I lost my shit and confronted him after several weeks of this torture, which had made living in the same house with him all but impossible for me. I asked the self-blaming question and several others just as pointed, accusing him of treating me atrociously. Which indeed he was, although not for the reasons most guys jerk their girlfriends around. He was keeping something from me, I just knew it, and his evasive answers weren’t cutting it. I was too clingy, he said. That was a lie. I was hiding from him most of the time, often leaving a room as soon as he entered it, because I couldn’t bear the sight of him anymore. It just hurt too much. I began to spend a lot of time alone in my room, sulking and moping and trying not to cry.
And I was not the only bewildered female he’d left in his wake. By then he’d dumped the two girls who came after me, and while we couldn’t talk to each other for jealousy (or rather, I couldn’t talk to them), I sensed that they were just as confused by his mercurial behavior as I was. And he didn’t seem the fickle type; if he were, I’d never have let him get as close to me as he did. If he could dump not only me, but two other nice, bright girls, something had to be up.
So I stepped up the confrontation. That was uncharacteristic of me; like all introverts, I prefer to avoid conflict until it becomes inevitable. At last I exploded. It was like I’d become a whole different person, and I was: angry, distraught, constantly demanding answers he did not want to give. Only now, I wasn’t asking what I had done wrong, because if it was me, it must have been the other two girls as well, and we were all so different from one another. So I finally demanded: What was the matter with him?
And he looked at me very grimly and told me that he could tell me in two words what it was. But he didn’t say those two words. So I blurted out the most ridiculous thing I could think of, which was: “What — are you trying to tell me you’re gay, or something?”
He didn’t say a word, just looked at me with that horrible, unreadable expression. And then he turned away.
And that was his big coming-out moment, although I remained in denial for weeks after. Even when he shoved my nose in it, bringing around one prospective boyfriend after another, I couldn’t accept it, couldn’t bring myself to believe it. Until finally I had to.
And then I crashed.
For the first time in my life, I seriously contemplated suicide. I took long walks on the grey Kingston waterfront all that winter, wishing for a cliff to throw myself from. There was none. There was not a single elevated, isolated spot where I could quietly do away with myself and cease to trouble this world with my unwanted presence. So I sat on a park bench staring morosely out at Wolfe Island and wishing I knew how to just die. I sat there so long that an elderly gentleman passing by asked me if anything was wrong. I shook my head and went home, biting back tears all the way.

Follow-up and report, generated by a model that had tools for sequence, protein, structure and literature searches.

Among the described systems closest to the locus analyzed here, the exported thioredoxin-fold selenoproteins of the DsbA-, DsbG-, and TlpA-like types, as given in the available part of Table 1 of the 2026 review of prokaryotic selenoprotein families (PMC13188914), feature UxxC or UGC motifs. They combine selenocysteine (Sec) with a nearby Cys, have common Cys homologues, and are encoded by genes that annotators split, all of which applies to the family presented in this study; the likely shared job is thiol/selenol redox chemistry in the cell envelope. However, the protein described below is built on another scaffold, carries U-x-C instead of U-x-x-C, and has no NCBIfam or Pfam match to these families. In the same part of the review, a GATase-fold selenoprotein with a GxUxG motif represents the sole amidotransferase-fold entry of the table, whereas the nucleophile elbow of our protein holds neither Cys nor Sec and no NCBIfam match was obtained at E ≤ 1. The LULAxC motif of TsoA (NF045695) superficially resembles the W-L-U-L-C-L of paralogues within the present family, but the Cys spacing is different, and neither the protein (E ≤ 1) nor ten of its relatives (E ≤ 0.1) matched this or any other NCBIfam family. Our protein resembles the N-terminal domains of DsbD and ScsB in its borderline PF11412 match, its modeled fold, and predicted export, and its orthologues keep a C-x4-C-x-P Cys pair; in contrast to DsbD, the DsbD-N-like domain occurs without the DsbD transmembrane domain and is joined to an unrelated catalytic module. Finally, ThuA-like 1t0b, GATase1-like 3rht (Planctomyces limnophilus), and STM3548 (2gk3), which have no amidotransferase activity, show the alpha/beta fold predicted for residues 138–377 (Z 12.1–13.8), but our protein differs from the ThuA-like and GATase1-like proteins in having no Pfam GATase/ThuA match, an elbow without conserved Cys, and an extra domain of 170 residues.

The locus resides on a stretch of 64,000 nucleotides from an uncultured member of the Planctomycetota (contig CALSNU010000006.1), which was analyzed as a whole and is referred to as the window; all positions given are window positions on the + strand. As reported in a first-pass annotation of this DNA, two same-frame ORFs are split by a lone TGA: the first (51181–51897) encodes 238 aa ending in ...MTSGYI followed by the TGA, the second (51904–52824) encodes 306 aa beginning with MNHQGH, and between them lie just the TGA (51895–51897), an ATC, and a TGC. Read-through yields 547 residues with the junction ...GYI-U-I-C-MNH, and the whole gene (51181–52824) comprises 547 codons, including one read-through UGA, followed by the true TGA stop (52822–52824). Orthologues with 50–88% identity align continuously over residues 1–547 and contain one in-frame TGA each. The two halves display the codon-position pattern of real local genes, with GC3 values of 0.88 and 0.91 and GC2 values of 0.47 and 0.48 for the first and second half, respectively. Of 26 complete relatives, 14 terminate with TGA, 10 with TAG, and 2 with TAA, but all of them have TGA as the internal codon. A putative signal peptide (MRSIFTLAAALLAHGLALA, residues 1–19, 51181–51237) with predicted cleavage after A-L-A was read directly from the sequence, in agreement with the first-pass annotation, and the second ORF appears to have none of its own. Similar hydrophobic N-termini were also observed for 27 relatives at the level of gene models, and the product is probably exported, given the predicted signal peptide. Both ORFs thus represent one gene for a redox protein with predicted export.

I climbed out of my depression gradually, in what would later become a pattern for me: by avoiding him, and immersing myself desperately in other pursuits, no matter how little pleasure I could eke out of them. I took photos with the Zeiss camera and telephoto lens that I’d gotten for Christmas, of the ice breaking up along the shore. They turned out badly: dark and bleak with a distant pinprick sun, and none of the cool crystalline beauty I was hoping to capture. An omen? It sure felt like it.
I also wrote a novella that I didn’t really know how to finish. And no wonder: The events that sparked that burst of cathartic creativity were far from over. I tentatively titled it The Breaking, which was a transparent view of my own state of mind. It was a first-person narrative from the viewpoint of a second-year university girl dying of cancer. It was my death wish, pure and simple. When I read it aloud at the local writers’ group meeting, my voice trembled and would not stop. It felt like confession, not fiction. One of the older ladies remarked that my hero, a nursing student who ended up looking after his sick friend because she couldn’t or wouldn’t care for herself, seemed too good to be true. “He sounds almost like a homosexual, dear!”
I thought I would die of shame, but it never happened. To my utter disgust, I lived.
Eventually my grief ran out of steam. By then I was living in a new place, a two-bedroom basement apartment on a quiet side street. I put the melodramatic manuscript away; I think I lost it. If it is still among my papers, I am not going to dig it out, unless I’m really starving for something to laugh at. I came to grips with the fact that my friend would always be my friend, never my boyfriend. I resumed my on-again-off-again long-distance relationship with another guy I’d been tentatively seeing, and whom I would finally and definitively dump four years later, after numerous infidelities, most of them on his part. I found myself crushing harmlessly on various other unavailable guys in my classes. And I got over the homophobia I hadn’t known I had until my buddy rubbed my nose in it.
In short: I got over myself, and him, and the gay. And what saved me were the very things that Maggie Gallagher has taken it upon herself to eradicate: left-wing politics, feminism, and homophilia.
I could so easily have become a Maggie Gallagher myself, making a lucrative cottage industry of my own unhealed wound. But I chose to go a more constructive way. Today, I’m a happily unmarried woman who still dares to hope for a sweet, smart, sensitive Mr. Right, but who obviously isn’t in any rush. I don’t have any abstract, immutable ideals of Marriage-with-a-capital-M, only realistic (and gender-inclusive) concepts of small-m marriage. And I’m certainly NOT about to force any gay guys onto that Procrustean bed. I have no desire to be any man’s beard, and I do not believe that our society is being destroyed by the forces of progress and social change. In fact, I’m working among those forces to make it better, even if that means that the Maggies of this world can’t accept it. I can, and so can a growing number of others. Just as I accepted my friend’s orientation and my own solitude, eventually embracing both, so I have become a very different, and much happier, woman.
Meanwhile, my buddy found the love of his life. He and his partner had a Holy Union ceremony, the first (unofficial) gay wedding ever performed by the Queen’s University chaplain. And when I danced with my best friend’s dad at the reception, the father-of-the-groom murmured sadly to me: “I wish it was YOU he was marrying.”
I didn’t say a word. I just smiled back at him a little ruefully and thought: Yeah, me too. But we can’t always get what we wish for, can we?